Ohio State Wide Receiver Jaelen Gill Taking “Everything Day By Day” As He Continues Development Process

By Dan Hope on December 12, 2019 at 2:35 pm
Jaelen Gill

This was supposed to be Jaelen Gill’s breakout year.

After redshirting and playing just 15 snaps in two games as a true freshman, Gill looked like a prime candidate to take Parris Campbell’s place in the slot receiver/H-back rotation with K.J. Hill. Ohio State coach Ryan Day said before the season that the Buckeyes wanted to have a six- or seven-man rotation at wide receiver, so seemingly, the plan was for either Gill or C.J. Saunders to rotate regularly with Hill.

That hasn’t happened. With Saunders sidelined all year by knee injuries, the Buckeyes have stuck with a five-man wide receiver rotation in their most competitive games: Binjimen Victor and Garrett Wilson at X, Chris Olave and Austin Mack at Z and Hill taking all the snaps in the slot in three-receiver packages.

Gill, conversely, has played just 65 snaps this season, with most of those snaps coming in the second half of blowout wins. As the season has gotten more competitive, Gill’s opportunities to play have decreased, as he’s appeared in just two of the Buckeyes’ last eight games (Northwestern and Rutgers).

Ranked as the No. 30 overall prospect in the recruiting class of 2018, Gill was viewed as a candidate to make an immediate impact when he arrived at Ohio State. He showed a flash of the ability that made him such a coveted recruit in the fourth quarter of the Rutgers game, when he made four defenders miss and finished through another in turning a screen pass into a 32-yard touchdown.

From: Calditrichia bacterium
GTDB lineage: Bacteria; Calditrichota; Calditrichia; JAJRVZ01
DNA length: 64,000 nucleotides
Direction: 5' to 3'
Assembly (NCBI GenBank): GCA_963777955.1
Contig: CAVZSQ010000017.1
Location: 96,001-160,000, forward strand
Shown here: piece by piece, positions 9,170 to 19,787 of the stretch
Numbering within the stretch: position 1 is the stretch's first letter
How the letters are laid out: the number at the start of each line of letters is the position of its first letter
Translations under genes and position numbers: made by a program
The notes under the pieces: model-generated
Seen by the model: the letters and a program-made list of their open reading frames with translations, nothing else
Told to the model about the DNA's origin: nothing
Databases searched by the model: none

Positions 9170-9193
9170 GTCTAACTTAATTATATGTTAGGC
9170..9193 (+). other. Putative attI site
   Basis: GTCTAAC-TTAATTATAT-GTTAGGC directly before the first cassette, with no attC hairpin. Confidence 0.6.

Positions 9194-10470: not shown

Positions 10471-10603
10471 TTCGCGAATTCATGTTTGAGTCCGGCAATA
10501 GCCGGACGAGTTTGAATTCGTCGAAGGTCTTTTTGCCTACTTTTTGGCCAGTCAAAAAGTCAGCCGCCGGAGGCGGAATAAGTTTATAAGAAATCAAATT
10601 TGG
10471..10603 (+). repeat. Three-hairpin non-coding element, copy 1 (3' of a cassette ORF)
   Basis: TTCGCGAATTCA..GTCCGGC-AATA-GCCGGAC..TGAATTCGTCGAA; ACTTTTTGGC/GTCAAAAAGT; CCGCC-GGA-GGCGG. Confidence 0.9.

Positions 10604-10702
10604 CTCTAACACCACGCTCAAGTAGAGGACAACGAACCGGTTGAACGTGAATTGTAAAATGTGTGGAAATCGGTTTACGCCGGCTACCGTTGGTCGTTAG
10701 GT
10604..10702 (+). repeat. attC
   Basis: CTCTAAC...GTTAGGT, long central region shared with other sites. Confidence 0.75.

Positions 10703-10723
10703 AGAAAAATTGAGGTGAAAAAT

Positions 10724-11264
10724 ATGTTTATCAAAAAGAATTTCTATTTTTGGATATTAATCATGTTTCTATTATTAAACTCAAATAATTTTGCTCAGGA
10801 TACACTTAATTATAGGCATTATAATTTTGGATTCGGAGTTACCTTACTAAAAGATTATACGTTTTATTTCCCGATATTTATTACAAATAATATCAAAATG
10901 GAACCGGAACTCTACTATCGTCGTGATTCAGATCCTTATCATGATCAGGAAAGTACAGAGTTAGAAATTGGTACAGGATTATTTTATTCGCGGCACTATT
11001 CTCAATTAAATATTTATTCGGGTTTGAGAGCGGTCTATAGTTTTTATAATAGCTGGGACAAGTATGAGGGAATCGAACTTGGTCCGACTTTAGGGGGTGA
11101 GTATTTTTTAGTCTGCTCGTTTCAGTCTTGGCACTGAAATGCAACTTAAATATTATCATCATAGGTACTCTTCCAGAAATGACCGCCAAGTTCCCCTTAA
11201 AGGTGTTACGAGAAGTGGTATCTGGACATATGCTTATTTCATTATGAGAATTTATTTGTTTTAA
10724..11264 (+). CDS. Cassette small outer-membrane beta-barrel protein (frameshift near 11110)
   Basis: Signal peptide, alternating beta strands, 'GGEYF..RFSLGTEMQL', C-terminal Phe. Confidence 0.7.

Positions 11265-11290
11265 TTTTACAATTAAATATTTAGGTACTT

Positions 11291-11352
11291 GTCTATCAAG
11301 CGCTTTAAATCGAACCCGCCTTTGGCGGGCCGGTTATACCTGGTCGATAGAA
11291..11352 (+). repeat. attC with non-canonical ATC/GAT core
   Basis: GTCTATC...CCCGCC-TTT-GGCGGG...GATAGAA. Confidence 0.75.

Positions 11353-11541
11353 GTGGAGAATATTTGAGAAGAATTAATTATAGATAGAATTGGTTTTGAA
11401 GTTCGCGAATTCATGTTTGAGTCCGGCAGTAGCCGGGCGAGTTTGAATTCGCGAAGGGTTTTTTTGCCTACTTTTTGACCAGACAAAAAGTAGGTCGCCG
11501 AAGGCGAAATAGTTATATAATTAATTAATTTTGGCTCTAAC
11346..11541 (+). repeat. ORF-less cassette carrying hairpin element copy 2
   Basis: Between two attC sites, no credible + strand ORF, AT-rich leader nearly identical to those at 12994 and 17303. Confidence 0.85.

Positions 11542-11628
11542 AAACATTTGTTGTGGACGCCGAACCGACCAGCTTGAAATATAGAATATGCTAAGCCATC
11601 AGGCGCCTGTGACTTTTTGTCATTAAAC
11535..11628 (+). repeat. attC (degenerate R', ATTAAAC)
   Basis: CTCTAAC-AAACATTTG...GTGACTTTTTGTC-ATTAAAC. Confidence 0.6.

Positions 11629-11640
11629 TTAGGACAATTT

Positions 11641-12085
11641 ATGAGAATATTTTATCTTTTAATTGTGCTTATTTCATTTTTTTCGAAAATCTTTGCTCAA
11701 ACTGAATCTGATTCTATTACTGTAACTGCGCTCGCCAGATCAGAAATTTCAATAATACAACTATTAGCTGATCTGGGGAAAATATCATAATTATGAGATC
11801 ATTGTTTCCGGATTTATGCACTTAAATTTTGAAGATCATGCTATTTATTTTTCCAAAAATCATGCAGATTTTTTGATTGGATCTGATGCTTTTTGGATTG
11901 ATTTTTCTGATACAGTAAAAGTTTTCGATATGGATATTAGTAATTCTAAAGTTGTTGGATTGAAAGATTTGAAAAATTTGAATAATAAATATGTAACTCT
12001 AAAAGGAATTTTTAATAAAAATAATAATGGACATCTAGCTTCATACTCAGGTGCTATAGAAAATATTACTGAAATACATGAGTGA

Even that wasn’t enough to propel Gill into the regular receiver rotation, however, as he hasn’t played in any of the Buckeyes’ three games since.

Gill acknowledges that it has been disappointing to spend most of the season watching from the sidelines for the second year in a row, which certainly wasn’t the start to his career that he expected coming in. He also recognizes, though, that there’s still time for his opportunity to come.

“You definitely get frustrated, you definitely get down on yourself but I try to have my close ones by me help me with that, talk to them, talk to (wide receivers coach Brian Hartline) and stuff like that and just keep faith, just keep praying to God,” Gill told Eleven Warriors after the Big Ten Championship Game. “I just got to take everything day by day, keep learning from the older guys like Austin, like Ben, like K.J., Coach Hart, (assistant wide receivers coach Keenan Bailey).”

Gill primarily played running back at Westerville South High School, so he’s had to learn the intricacies of playing wide receiver since he arrived at Ohio State. While the H-back position was more of a true hybrid between wide receiver and running back early in Urban Meyer’s tenure with the Buckeyes, it’s become more strictly a receiver position in Day’s offense, and Gill said that adjustment has been challenging.

“That’s been the main thing that’s been difficult for me, just still learning that wide receiver position, being in the slot and stuff like that from Coach Hart,” Gill said. “So what I tell myself every day is just take it day by day and try to get better every day, and don’t get frustrated at everything, because everything’s a process.”